Cover V05, I01


New Messages


In Larry Reznick's article, "Scheduled Rebooting," in the Nov/Dec 1995 issue of Sys Admin, a line of code in the section entitled "rebootsys Script" (p. 117) lost its back quotes. The line should have printed as follows:

`echo`cat\\`echo $PROGS | cut -d" " -f2\\\`\``

We apologize for any inconvenience our mistake may have caused our readers.--mm

Editor's Note:

Some time ago, I asked for help locating public-domain stacks and utilities for TCP/IP on DOS. Several readers responded with suggestions and pointers, and recently I've done a little web-surfing of my own. I thought I'd share a few links that you might find useful:

For a nice overview of TCP/IP packages, both commercial and not, for both Windows and DOS, ftp



For an incredible compilation (over 100 pages) of everything you ever wanted to know about (PC) NFS, ftp



(If this site is no longer valid, just do a web search on pcnfs and faq -- the faq is available from a number of sites.)

This document says that there are no free or shareware NFS clients available. In fact, there is a shareware NFS client named XFS available. Unfortunately, I haven't yet found a URL for that package. If one of my readers knows where to source XFS, please drop me some email.

For some components that may not be indexed in the above materials:

see /pub/ppp/pc and /pub/ppp/

Thanks to Ed Lott, Jim Niemira, Frederic DeMees, and our own Kevin Taute for helping with this information.


From: Doug Smith
Subject: UNIX, TCP/IP, and Macs (May/June 1995

I manage a system similar to the one Donald Stone described in his article about networking UNIX and Mac ("UNIX, TCP/IP, and Macs," May/June 1995). There are a few other good possibilities for point-and-drag file transfer that may have been overlooked.

The GatorBox has software available called GatorShare that allows UNIX directories available through NFS to be mounted on the Macintosh just like any other networked drive. The Mac users can transfer files without learning any new techniques. I believe GatorShare ships with the GatorBox but may be an extra cost item on some models.

Another good way to handle the problem is with one of the shareware ftp clients available for the Mac. The two most popular are Anarchie and Fetch. Both offer a friendly Mac interface for browsing and ftping files. Anarchie even allows drag-and-drop ftp when used with recent Macintosh system software.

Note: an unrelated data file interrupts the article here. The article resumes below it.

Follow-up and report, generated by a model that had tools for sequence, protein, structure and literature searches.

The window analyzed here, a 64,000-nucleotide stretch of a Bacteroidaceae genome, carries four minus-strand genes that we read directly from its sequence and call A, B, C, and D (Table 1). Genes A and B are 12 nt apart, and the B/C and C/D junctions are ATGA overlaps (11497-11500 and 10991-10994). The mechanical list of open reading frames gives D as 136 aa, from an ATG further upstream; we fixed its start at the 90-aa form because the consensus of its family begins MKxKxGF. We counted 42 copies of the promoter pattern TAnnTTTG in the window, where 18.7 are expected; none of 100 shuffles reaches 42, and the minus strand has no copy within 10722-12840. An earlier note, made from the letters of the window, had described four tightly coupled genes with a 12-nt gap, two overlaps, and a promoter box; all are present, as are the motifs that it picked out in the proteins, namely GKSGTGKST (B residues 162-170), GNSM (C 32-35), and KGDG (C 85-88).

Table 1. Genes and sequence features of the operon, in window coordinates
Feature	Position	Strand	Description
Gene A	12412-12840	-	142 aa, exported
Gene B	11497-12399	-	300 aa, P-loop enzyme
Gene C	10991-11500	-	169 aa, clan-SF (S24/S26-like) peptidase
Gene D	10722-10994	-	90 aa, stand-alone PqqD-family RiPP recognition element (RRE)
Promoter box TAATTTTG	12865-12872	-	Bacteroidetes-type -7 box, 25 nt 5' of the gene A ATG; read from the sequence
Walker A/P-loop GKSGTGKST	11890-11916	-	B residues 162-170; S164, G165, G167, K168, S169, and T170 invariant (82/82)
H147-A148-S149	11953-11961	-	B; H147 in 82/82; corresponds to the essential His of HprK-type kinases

One other thing. The NCSA Telnet software includes ftp capabilities. It's not friendly for the Mac user but I've used it to automatically transfer files to a local Mac hard disk under control of a UNIX shell script. For example, the user selects a report from a menu on the UNIX machine. Moments later a file appears on his hard drive ready to be imported into his Excel spreadsheet. There are even ways to have the spreadsheet start up, load the file, and run a macro to manipulate the contents. Very slick!

Doug Smith, SGA
Loves Park, IL

Thanks for the extra information. I'm particularly grateful for the Mac-related information, as I haven't had much personal experience with Mac products. -- rlw

From: Ed Schaefer
Subject: USNO update

In our article, "Time Services from the US Naval Observatory" (Jul/Aug 1995), Steve Friedl and I gave a phone number for the clock at the Observatory. We've since learned that at some point in the future the phone number for the clock will change from 202-653-0351 to a new number: 202-762-1594. When the change will occur is not known. Readers can consult the web page at

to find out the current phone number.

Dear Robert Ward,
I could not help but notice that your advertisement conspicuously excludes Linux from the list of "All versions of UNIX."

Our network runs on a mix of SunOS, Solaris, BSDi, SystemV, SCO, Linux, and Windows NT/3.x/95. I believe there are a great many shops using Linux in a production environment. In fact, one of our criteria for hiring system personnel involves that they do not make the mistake of ignoring Linux when they discuss the systems with which they are familiar.

I might subscribe to your magazine despite this, but not without first knowing your opinion of whether Linux belongs in the list of "All versions of UNIX". Come to think of it, you see fit to mention PICK and Xenix... but not even BSD? I find that strange and it has made a first impression on us of your possible cluelessness, or perhaps that your advertisers control your content. Please help me resolve this question.

Sincere regards,
James McGill

Well, I hope the theme on this issue assuages some of your doubts.

Yes, Linux belongs in the list. (Frankly I'm wondering how PICK got on it?) I wouldn't extrapolate too much from the copy in a direct mail piece -- not even if it has my name on it.

Are we clueless? I don't really think so, but I'd rather let the magazine speak for itself. Check it out. If you find something useful, then we've done our job.

But thanks for pointing out the marketing gaffes, anyway.